Chase Bliss pedals have become somewhat of an obsession for me as of late. Hopefully, it‘s healthy – I can't tell anymore. Ostensibly a two-channel micro-looping delay, M O O D is Chase Bliss' crowning achievement in weird-making. It makes me so happy.

If you're unfamiliar with Chase Bliss or their general vibe, I would consider spending a little time watching a few of the short video essays put together by the YouTube reviewer/wizard "Knobs." His videos aren't so much "reviews" as they are meditations. Mostly free of narration, they give you a good idea of what kinds of supernatural soundscapes are possible with Chase Bliss effects.

Where were we? Yes, M O O D, right. My relationship with this pedal has evolved into complete willingness to give in to wherever the pedal wants to go. While you can employ it to create repeatable, defined (and musical) effects, M O O D starts to make more sense when you recognize it as more of a collaborator (or therapist, depending).

Let us talk the tech, huh? This is a mono, single-input, single-output (TS/TRS) box with Chase Bliss' familiar six-knob, three-rocker, and two-stomp switch faceplate design. In keeping with the rest of the Chase Bliss family, M O O D has modulation and processing customization available via the 16 dip switches on the backside of the pedal. The signal architecture is divided into two internal paths controlled on the left and right sides of the faceplate, respectively. The two centermost knobs manage shared functions, like wet/dry mix, modulation speed/intensity, and – most importantly – a master clock, divided into harmonically interesting steps. The clock controls both the left side and right side of the pedal, slowing or accelerating a processed signal. Another innovative and experiment-provoking feature is M O O D's ability to pass audio between the left and right signal paths. The internal routing is defined by the centermost toggle switch and can (along with the copious sound-shaping possible in each of the two channels) quickly lead to musically meaningful morphing, delicate tunnels of psychedelic spirals, and/or complete entropy. Usually, the noises and phrases produced by this pedal are of a nature that is wholly autonomous from the source, which is fed into M O O D's input. While this probably sounds like a total bullshit time-vampire within the context of a working studio, I can't stress enough how much fun (or how inspiring) it is to play a pedal like an instrument. To take that last thought even further, M O O D includes MIDI, CV, and expression pedal inputs.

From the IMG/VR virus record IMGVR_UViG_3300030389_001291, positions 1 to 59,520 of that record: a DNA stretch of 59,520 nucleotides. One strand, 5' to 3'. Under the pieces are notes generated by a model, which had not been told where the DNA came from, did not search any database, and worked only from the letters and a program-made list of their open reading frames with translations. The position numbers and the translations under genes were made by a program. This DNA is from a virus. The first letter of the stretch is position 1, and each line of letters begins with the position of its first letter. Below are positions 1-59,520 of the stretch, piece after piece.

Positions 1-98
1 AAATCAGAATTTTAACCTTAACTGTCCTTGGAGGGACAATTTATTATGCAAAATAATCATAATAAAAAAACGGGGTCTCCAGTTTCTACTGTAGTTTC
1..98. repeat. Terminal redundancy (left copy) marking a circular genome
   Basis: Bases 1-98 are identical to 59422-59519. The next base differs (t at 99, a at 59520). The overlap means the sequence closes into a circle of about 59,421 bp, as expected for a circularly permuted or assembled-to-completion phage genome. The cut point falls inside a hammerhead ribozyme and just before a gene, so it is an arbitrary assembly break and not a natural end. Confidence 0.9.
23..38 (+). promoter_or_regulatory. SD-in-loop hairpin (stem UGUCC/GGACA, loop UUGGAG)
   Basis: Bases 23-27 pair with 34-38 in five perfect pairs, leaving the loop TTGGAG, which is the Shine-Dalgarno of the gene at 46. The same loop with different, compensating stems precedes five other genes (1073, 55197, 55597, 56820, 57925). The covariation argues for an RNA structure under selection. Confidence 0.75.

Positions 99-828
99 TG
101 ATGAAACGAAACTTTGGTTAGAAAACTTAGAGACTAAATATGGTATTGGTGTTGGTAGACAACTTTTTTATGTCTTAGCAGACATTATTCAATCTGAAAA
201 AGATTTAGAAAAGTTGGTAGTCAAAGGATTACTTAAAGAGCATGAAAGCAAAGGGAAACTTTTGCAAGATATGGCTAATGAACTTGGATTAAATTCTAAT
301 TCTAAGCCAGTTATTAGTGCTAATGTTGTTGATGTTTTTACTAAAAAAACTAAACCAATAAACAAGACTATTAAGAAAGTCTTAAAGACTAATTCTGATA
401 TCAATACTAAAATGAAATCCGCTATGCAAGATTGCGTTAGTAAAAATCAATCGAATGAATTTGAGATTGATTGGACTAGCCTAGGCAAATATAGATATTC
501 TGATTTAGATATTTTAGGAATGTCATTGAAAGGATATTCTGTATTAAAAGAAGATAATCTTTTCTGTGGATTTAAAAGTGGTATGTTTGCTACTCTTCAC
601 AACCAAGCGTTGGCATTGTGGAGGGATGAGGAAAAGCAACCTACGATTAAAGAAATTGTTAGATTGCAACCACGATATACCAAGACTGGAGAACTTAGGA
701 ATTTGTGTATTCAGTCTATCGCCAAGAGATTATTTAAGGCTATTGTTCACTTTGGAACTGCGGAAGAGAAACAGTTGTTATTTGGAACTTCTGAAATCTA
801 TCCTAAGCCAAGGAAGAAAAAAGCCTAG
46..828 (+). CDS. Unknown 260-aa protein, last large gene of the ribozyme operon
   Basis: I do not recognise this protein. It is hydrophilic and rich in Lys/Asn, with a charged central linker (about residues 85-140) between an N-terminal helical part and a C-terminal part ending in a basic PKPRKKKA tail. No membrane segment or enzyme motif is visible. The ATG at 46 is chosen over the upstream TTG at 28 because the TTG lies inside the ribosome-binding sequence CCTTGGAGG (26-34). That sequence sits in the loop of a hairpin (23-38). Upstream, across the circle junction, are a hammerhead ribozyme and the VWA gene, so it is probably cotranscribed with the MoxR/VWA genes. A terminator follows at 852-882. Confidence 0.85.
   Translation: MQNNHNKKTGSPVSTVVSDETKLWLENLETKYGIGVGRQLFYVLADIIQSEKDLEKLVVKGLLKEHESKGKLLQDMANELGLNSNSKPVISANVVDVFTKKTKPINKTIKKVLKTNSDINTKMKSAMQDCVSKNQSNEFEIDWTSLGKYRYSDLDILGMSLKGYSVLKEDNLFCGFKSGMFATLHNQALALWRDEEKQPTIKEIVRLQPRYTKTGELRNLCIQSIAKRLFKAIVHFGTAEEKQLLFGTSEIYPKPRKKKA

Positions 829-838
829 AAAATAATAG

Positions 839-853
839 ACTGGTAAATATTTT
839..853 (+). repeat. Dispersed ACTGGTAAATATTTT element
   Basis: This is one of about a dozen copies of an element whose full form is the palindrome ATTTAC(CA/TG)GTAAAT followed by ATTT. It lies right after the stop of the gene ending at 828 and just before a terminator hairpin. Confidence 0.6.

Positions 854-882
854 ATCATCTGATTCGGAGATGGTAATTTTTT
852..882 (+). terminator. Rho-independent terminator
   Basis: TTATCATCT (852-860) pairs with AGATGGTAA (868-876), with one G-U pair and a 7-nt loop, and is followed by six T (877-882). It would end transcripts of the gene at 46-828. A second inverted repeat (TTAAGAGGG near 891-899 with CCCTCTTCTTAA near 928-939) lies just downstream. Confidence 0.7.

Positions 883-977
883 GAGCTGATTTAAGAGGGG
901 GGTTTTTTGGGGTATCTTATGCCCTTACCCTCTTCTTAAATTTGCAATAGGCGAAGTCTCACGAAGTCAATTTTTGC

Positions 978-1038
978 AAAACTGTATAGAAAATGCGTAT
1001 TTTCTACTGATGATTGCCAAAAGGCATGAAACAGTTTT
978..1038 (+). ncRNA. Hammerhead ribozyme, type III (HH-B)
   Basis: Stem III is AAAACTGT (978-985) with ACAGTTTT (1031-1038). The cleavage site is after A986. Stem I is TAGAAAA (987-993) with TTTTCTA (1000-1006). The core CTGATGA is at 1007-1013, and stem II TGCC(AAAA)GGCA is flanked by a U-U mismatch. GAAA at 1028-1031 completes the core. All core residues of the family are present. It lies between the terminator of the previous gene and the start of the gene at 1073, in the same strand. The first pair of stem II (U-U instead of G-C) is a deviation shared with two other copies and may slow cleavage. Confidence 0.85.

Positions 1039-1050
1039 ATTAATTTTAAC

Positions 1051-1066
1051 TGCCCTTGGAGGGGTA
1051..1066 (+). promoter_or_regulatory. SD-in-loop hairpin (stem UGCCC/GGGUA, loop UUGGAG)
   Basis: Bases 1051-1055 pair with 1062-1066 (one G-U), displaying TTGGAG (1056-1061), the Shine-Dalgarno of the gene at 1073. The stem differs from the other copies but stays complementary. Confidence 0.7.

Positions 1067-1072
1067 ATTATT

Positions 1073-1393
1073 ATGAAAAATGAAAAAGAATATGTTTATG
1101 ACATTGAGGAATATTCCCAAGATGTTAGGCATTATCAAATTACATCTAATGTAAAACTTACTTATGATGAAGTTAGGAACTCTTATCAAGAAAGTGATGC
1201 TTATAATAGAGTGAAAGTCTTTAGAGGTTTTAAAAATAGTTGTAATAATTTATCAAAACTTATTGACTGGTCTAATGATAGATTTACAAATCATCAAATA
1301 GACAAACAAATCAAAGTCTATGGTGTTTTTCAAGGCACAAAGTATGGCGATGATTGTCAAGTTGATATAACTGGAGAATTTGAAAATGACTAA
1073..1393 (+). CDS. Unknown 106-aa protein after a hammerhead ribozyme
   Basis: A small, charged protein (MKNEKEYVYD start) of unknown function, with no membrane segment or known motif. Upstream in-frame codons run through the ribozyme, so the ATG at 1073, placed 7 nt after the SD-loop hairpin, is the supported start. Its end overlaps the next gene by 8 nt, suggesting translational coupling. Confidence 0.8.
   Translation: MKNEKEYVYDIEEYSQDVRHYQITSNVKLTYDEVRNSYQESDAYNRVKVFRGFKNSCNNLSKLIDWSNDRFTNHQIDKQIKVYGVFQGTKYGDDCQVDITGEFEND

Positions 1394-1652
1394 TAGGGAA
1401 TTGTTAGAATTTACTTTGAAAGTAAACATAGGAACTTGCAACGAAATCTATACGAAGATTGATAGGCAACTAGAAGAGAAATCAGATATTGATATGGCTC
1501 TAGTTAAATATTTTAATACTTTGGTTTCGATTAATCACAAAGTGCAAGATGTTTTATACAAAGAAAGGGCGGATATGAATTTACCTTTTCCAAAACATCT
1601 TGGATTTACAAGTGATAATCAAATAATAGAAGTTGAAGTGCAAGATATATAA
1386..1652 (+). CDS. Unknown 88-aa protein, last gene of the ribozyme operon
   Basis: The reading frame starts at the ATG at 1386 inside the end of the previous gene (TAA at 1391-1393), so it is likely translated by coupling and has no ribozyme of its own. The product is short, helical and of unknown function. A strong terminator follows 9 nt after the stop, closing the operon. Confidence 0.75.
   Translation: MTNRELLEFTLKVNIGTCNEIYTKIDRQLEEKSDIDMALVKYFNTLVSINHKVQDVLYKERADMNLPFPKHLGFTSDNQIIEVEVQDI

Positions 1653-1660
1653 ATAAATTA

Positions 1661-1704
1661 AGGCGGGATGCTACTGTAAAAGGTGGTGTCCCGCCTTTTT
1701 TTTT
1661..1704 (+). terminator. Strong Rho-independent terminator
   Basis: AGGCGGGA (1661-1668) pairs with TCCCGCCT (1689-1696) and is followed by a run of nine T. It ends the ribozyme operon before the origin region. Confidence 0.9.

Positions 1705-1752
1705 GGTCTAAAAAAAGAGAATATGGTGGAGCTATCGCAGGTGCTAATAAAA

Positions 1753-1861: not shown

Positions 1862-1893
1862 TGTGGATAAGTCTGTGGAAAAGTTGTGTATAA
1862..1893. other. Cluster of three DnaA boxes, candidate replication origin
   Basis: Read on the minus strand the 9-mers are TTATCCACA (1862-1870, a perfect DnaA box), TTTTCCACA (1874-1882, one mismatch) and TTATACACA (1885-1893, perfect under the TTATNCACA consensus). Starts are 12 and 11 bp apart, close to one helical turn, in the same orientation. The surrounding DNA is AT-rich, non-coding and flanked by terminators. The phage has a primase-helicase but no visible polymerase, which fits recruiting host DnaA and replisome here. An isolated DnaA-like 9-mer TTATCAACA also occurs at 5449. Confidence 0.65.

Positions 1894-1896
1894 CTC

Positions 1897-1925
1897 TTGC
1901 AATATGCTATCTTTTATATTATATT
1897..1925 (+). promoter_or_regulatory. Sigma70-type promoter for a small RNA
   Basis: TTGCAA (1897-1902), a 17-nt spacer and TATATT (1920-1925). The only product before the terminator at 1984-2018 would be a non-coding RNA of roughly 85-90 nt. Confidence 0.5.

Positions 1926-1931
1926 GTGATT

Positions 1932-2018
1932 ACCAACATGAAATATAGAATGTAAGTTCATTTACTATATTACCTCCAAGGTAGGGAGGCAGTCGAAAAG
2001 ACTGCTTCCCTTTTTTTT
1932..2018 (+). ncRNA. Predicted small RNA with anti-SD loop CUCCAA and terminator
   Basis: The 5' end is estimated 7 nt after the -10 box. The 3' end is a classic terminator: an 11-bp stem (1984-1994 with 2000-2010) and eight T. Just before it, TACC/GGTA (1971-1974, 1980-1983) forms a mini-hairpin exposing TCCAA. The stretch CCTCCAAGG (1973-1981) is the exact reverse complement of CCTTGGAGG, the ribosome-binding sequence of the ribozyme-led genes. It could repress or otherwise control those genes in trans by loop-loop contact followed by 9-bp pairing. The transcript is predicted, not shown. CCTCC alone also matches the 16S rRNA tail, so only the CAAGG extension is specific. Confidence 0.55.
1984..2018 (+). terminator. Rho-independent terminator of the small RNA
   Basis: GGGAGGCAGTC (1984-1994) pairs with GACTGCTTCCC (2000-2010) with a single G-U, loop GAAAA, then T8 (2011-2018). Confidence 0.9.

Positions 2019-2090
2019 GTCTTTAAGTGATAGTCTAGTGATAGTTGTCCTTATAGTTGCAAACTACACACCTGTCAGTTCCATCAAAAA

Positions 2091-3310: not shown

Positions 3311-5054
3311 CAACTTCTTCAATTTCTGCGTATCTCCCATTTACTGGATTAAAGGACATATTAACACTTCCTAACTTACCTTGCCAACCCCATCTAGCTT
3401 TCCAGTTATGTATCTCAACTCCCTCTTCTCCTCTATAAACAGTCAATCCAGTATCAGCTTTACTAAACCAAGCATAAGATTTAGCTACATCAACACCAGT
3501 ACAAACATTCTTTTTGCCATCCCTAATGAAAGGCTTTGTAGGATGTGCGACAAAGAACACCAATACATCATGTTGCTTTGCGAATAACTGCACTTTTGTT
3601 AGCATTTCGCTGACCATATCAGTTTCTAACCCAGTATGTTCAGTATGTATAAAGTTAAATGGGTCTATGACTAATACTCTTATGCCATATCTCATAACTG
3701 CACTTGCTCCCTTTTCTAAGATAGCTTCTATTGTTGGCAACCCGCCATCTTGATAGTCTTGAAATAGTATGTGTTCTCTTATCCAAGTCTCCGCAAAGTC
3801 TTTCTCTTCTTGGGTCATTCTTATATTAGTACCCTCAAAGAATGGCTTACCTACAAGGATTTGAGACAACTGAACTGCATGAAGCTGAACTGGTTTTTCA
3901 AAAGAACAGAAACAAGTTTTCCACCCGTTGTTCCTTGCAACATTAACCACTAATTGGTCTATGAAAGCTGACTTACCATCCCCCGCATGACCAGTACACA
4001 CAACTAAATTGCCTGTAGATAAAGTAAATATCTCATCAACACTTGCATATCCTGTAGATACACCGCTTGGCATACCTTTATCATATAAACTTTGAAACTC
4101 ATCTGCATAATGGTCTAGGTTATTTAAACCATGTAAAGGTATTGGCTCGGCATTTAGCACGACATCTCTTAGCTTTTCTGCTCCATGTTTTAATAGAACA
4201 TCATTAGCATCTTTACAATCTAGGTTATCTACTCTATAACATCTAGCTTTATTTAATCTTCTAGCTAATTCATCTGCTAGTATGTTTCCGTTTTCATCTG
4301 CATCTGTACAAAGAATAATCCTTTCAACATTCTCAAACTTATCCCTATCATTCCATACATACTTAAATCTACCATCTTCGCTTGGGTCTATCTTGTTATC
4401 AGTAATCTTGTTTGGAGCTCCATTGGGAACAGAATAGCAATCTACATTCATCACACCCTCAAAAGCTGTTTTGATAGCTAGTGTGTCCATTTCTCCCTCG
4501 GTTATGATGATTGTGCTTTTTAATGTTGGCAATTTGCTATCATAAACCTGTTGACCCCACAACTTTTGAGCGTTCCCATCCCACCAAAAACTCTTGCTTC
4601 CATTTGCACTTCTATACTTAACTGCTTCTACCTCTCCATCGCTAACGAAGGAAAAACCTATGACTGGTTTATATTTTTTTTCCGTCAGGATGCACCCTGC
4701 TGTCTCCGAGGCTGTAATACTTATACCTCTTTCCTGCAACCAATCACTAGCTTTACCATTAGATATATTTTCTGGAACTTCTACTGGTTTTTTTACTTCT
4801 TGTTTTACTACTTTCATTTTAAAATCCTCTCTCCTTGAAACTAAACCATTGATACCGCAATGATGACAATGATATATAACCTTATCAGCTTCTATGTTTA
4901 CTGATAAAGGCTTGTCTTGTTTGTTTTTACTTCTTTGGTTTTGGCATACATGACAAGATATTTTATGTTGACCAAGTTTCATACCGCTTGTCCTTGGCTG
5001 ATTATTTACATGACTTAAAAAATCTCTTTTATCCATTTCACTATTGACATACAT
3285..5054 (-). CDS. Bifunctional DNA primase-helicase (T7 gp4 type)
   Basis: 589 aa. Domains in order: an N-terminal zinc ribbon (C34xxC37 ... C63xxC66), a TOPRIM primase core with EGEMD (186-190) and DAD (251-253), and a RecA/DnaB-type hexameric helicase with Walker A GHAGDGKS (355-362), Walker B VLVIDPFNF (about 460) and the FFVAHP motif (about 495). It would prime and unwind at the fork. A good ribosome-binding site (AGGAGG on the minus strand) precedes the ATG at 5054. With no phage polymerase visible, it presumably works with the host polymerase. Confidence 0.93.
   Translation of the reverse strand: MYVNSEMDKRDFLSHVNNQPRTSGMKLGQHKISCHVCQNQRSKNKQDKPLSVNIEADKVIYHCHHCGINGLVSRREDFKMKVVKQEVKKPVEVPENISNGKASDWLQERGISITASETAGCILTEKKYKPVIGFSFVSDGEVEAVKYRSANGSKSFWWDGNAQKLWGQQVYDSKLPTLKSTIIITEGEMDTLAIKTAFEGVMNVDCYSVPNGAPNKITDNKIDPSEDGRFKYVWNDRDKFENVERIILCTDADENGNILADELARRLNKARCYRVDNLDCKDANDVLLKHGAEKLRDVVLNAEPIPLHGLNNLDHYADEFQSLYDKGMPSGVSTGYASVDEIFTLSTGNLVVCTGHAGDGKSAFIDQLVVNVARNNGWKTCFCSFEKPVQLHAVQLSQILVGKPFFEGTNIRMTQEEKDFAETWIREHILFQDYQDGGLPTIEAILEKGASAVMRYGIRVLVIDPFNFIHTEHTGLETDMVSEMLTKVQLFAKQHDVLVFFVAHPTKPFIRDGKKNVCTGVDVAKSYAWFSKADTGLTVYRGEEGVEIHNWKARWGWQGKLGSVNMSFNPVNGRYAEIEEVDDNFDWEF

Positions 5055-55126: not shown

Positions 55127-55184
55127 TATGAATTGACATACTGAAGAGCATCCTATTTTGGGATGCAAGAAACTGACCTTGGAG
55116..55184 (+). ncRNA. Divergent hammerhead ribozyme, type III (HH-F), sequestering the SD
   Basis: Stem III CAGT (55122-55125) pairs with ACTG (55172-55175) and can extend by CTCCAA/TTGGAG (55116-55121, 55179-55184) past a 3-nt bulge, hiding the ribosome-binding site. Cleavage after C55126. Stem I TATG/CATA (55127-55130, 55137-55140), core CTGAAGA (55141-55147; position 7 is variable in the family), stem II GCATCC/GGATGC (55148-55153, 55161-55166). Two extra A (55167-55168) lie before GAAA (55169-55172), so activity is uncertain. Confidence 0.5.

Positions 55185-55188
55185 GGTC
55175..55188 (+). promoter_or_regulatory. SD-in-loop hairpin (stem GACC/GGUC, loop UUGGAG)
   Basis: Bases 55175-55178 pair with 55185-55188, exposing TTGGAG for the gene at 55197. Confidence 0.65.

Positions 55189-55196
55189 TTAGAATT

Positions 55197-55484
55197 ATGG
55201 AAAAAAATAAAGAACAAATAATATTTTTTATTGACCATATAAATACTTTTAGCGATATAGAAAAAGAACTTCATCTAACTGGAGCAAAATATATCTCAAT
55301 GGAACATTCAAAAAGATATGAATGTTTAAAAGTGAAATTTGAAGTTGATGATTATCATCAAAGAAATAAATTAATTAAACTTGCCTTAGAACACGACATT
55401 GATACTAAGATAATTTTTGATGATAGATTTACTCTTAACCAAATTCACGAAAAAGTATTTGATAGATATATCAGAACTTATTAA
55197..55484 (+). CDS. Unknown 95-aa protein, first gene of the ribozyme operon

When trying to describe the then-new Eventide H910 Harmonizer to Brian Eno [Tape Op #85] and David Bowie during the making of Low, it's been reported that Tony Visconti [#29] famously said, "It fucks with the fabric of time." In that same spirit I can't begin to describe M O O D in a traditional effects pedal context. You have to hear it, and hopefully, fuck with time yourself.

Tape Op is a bi-monthly magazine devoted to the art of record making.

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